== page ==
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Wildfire Smoke: Haze Begins to Lift in Northeast as It Pushes South and West

Dec 28, 2023Dec 28, 2023

Relief might be coming to millions in the Mid-Atlantic as the polluting plume moves on. Driven by wildfires in Canada, the smoke triggered alerts from to the Midwest and south to the Carolinas.

Source: AirNow · Data as of 6 a.m. Eastern.

Follow our updates on the wildfires, smoke and air pollution.

Liam Stack, Kevin Williams and Judson Jones

While wildfires continued to burn across eastern Canada and send a polluting haze into the United States, the worst appeared to be over for now in the big cities along the Mid-Atlantic, where for two days smoke had blotted out the sun and an acrid smell hung in the air.

A New York Times analysis of atmospheric computer models showed that poor air quality peaked in some major metro areas along the East Coast by late Wednesday or early Thursday, and conditions have been steadily improving in New York, Philadelphia, Washington, D.C. and elsewhere.

But smoke could remain dense in other parts of the Northeast through at least Friday. And the noxious air was covering a wider swath of the country as it spread further south and west, triggering air quality warnings as far west as Indiana and as far south as the Carolinas. On the other side of the Atlantic, aerosols were registering in Norway.

The polluted air disrupted life around the Northeast on Thursday, delaying flights and forcing the postponement of graduations and Pride events. Millions in the region woke up to unhealthy levels of air pollution, one day after New York City registered its worst air quality readings in decades. In Philadelphia, public schools were shifting to remote learning on Friday.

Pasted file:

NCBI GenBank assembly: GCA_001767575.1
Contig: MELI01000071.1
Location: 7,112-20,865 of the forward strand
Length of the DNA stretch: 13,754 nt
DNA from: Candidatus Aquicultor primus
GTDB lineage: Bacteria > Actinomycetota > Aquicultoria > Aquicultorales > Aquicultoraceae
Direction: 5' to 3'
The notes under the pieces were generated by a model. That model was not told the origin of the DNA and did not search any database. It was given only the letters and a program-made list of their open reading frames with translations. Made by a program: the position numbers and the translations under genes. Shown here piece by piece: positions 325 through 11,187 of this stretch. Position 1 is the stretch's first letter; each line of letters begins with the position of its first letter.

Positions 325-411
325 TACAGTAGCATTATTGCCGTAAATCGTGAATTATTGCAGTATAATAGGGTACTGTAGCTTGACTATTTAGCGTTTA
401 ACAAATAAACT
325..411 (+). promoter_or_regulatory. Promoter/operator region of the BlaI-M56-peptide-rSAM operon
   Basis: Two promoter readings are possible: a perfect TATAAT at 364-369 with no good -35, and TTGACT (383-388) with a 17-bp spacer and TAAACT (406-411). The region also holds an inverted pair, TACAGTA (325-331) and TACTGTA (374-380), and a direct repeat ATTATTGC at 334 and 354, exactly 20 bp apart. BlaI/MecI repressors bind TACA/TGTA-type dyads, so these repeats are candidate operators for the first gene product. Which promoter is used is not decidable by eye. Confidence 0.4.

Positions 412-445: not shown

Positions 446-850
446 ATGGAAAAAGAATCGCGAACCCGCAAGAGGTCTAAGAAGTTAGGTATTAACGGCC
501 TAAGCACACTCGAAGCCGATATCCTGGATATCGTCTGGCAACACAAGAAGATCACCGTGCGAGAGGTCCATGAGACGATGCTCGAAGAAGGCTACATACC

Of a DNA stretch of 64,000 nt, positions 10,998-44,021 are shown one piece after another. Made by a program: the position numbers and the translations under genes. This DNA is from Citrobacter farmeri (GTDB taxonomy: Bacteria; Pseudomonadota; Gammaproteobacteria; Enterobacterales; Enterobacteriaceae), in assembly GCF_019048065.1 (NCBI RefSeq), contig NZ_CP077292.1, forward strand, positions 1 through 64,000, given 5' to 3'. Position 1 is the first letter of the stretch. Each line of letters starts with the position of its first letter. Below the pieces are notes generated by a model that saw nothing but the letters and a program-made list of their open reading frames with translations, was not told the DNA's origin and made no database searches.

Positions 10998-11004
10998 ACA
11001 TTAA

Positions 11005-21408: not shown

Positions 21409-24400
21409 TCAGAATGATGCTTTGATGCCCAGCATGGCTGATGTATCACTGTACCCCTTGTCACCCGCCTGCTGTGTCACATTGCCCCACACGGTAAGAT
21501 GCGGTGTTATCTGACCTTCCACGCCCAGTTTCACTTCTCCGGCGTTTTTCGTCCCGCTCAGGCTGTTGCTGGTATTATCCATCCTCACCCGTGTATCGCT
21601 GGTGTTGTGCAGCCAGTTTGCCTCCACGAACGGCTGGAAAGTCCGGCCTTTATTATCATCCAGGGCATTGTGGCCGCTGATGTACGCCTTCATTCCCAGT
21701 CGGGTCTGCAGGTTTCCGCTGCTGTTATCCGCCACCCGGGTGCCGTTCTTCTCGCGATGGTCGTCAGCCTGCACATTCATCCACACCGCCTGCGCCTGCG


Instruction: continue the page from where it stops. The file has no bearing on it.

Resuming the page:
New research from Stanford University scientists showed that Wednesday was by far the worst day on record in the United States for wildfire smoke since 2006, which means the largest number of Americans experienced a day when air quality was deemed to be unhealthy for all age groups. Tuesday was the fourth worst.

The source of the smoke was not abating, as a string of fires in eastern Canada continued to blaze, forcing tens of thousands of people from their homes. About 250 wildfires burned out of control there as of early Thursday, the authorities said, about 150 of them in Quebec. Some have been burning for weeks.

Here's what else to know:

The smoke that choked New York on Wednesday pushed southward on Thursday and was expected to spread west, into the Ohio River Valley, on Friday, the National Weather Service said. It is expected to appear as a widespread haze that could dip as far south as Florida, and not the dense mass of smoke that affected New York on Wednesday.

A storm system swirling off the coast of Nova Scotia in recent days blew smoke from the fires south into the United States. Forecast models for Thursday showed that thick smoke could return to New York later in the day if sea breezes pushed smoke currently hovering off the coast back inland.

The effects of the fires are expected to be noticeable even on the other side of the Atlantic Ocean. Scientists at the Climate and Environmental Research Institute in Norway who are tracking the smoke through the atmosphere said it has moved over Greenland and Iceland since June 1, and observations in southern Norway have confirmed increasing concentrations of aerosols.

The level of pollution Wednesday was higher than the worst day in San Francisco after major wildfires in 2018.

Eduardo Medina

In St. Louis the air quality is forecast to be unhealthy on Friday for older people, children and those with heart or lung conditions on Friday, according to the Weather Service. Similar conditions are expected farther east in Louisville, Ky., where smoke from the Canadian wildfires will continue to seep into the region on Friday, causing hazy skies, the Weather Service said.

Dani Blum

A lot is still unknown about the toll wildfire smoke takes on your health. But most adults and children without pre-existing conditions will likely recover quickly from the effects of short-term exposure to the smoke passing over the eastern United States, said Jeffrey Brook, an associate professor of occupational and environmental health at the University of Toronto Dalla Lana School of Public Health.